He is a well-respected and acknowledged scholar, serving at one of the most prestigious Ivy League universities in the United States. He has no motive to "make up" such history, as doing so would destroy all the credibility as a scholar he has spent a lifetime building.

So what logically happened is that sometime in early- to mid-November, Nikita Khrushchev communicated in some way that he was willing to consider Kennedy's proposal. Kennedy responded by ramping up the bureaucracies at his end, as reflected in the two November 12 memoranda.


Unfortunately, there are no declassified documents to this point which confirm that the two men had any communication during this period. Still it seems quite unlikely that Kennedy would suddenly resurrect a seemingly dead policy without some hint from Khrushchev that it would be positively received.

One event we do know that actually happened, which may have finally tipped the balance in Khrushchev's mind: another very disappointing Soviet space failure had recently occurred.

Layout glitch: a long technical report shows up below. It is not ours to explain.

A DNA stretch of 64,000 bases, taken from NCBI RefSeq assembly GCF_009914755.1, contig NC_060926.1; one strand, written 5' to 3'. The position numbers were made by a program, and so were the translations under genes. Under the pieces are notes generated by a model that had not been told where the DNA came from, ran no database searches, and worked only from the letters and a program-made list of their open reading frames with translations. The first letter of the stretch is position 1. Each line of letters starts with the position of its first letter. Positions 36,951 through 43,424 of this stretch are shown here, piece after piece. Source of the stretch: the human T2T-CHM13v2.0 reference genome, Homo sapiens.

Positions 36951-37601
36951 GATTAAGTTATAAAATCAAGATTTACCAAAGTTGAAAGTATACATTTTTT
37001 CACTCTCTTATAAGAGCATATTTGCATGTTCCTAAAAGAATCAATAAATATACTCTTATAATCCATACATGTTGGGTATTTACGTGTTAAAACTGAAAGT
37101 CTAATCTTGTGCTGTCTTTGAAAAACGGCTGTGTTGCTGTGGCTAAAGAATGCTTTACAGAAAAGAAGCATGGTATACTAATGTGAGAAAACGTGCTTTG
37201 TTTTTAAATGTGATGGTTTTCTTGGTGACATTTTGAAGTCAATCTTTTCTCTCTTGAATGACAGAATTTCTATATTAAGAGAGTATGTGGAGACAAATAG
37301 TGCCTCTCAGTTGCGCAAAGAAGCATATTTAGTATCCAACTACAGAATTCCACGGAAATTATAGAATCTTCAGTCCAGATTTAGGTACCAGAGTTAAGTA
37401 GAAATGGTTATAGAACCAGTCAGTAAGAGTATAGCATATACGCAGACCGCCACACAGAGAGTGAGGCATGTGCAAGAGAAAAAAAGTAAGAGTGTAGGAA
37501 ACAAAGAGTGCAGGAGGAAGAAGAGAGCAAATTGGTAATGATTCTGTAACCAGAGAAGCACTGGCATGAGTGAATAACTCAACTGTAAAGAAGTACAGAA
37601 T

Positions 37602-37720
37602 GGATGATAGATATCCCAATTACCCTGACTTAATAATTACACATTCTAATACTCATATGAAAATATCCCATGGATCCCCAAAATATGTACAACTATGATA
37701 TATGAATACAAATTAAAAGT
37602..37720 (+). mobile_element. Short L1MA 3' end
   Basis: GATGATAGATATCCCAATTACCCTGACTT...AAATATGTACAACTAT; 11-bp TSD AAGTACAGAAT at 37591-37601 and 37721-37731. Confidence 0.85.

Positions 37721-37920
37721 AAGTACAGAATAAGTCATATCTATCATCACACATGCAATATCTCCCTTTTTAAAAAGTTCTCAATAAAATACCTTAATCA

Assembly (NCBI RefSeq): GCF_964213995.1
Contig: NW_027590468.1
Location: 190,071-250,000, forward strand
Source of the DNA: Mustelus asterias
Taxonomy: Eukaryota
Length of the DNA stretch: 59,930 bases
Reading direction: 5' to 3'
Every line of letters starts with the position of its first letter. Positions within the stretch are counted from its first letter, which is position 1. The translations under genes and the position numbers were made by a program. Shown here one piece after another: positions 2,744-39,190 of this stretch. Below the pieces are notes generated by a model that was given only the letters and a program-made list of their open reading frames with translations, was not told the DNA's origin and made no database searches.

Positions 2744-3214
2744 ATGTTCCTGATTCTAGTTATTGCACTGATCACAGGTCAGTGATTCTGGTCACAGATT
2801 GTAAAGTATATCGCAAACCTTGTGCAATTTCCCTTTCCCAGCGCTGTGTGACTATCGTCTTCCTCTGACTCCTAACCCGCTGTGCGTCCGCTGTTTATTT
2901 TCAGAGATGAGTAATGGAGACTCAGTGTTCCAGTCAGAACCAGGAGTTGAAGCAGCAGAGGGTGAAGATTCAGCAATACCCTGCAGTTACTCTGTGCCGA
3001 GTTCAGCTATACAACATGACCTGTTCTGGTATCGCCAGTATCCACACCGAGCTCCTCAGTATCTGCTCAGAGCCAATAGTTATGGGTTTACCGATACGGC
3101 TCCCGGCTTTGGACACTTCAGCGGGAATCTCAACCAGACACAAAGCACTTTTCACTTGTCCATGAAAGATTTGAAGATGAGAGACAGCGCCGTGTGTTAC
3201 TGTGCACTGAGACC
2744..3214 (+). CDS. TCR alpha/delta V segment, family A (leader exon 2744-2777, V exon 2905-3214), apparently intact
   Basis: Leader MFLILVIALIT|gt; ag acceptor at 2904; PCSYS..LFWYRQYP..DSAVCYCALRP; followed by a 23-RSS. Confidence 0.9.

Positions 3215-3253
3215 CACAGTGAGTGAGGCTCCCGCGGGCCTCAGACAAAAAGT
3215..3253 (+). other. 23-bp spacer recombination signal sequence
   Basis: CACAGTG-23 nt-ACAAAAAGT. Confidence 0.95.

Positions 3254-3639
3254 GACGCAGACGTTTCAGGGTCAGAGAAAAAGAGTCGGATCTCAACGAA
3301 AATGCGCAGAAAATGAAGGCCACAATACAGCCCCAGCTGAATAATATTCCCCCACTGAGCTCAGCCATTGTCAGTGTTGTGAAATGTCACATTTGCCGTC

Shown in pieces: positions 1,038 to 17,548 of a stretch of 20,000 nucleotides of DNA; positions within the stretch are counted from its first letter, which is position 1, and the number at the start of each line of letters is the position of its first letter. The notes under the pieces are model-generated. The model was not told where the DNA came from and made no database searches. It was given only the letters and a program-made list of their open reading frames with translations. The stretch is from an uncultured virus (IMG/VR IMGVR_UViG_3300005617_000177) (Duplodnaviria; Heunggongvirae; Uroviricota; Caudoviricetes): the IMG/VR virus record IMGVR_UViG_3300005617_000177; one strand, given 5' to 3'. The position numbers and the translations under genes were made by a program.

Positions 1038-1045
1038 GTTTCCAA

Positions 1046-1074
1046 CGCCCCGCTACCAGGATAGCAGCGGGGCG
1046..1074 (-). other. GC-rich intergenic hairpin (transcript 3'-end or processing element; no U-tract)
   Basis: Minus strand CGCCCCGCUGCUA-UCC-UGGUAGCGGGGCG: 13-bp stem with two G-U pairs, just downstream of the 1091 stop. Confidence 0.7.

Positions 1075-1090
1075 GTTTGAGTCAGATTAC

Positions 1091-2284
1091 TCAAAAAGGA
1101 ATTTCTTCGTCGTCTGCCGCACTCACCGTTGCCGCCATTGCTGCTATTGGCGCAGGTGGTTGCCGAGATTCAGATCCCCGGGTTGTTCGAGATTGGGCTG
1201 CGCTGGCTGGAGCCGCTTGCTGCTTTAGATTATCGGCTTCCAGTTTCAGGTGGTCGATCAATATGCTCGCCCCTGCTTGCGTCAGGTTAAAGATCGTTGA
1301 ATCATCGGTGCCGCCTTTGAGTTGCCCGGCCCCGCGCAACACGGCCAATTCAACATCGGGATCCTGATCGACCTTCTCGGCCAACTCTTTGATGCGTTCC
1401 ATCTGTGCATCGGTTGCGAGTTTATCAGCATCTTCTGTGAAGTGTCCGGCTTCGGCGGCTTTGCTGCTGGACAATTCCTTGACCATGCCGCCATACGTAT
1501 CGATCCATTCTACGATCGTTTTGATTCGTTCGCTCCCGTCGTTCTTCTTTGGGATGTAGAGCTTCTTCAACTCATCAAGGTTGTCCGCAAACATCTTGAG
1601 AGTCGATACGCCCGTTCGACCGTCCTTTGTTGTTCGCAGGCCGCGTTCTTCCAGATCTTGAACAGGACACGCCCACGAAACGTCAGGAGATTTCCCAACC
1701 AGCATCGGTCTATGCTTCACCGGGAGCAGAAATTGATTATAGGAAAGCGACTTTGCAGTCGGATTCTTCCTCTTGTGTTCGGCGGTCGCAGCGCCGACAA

A Mars-bound unmanned spacecraft code-named "Cosmos 21" failed in low Earth orbit exactly one day (November 11) before Kennedy's sudden "Soviet Cooperation Directive" to James Webb.

All we can say for certain is that as of November 12, 1963, John Kennedy's "Grand Plan" to use NASA and the space program to melt the ice of the Cold War - and to share whatever Apollo discovered on the lunar surface with the Russians - was alive, vibrant and finally on its way to actual inception -

And, ten days later, Kennedy was dead.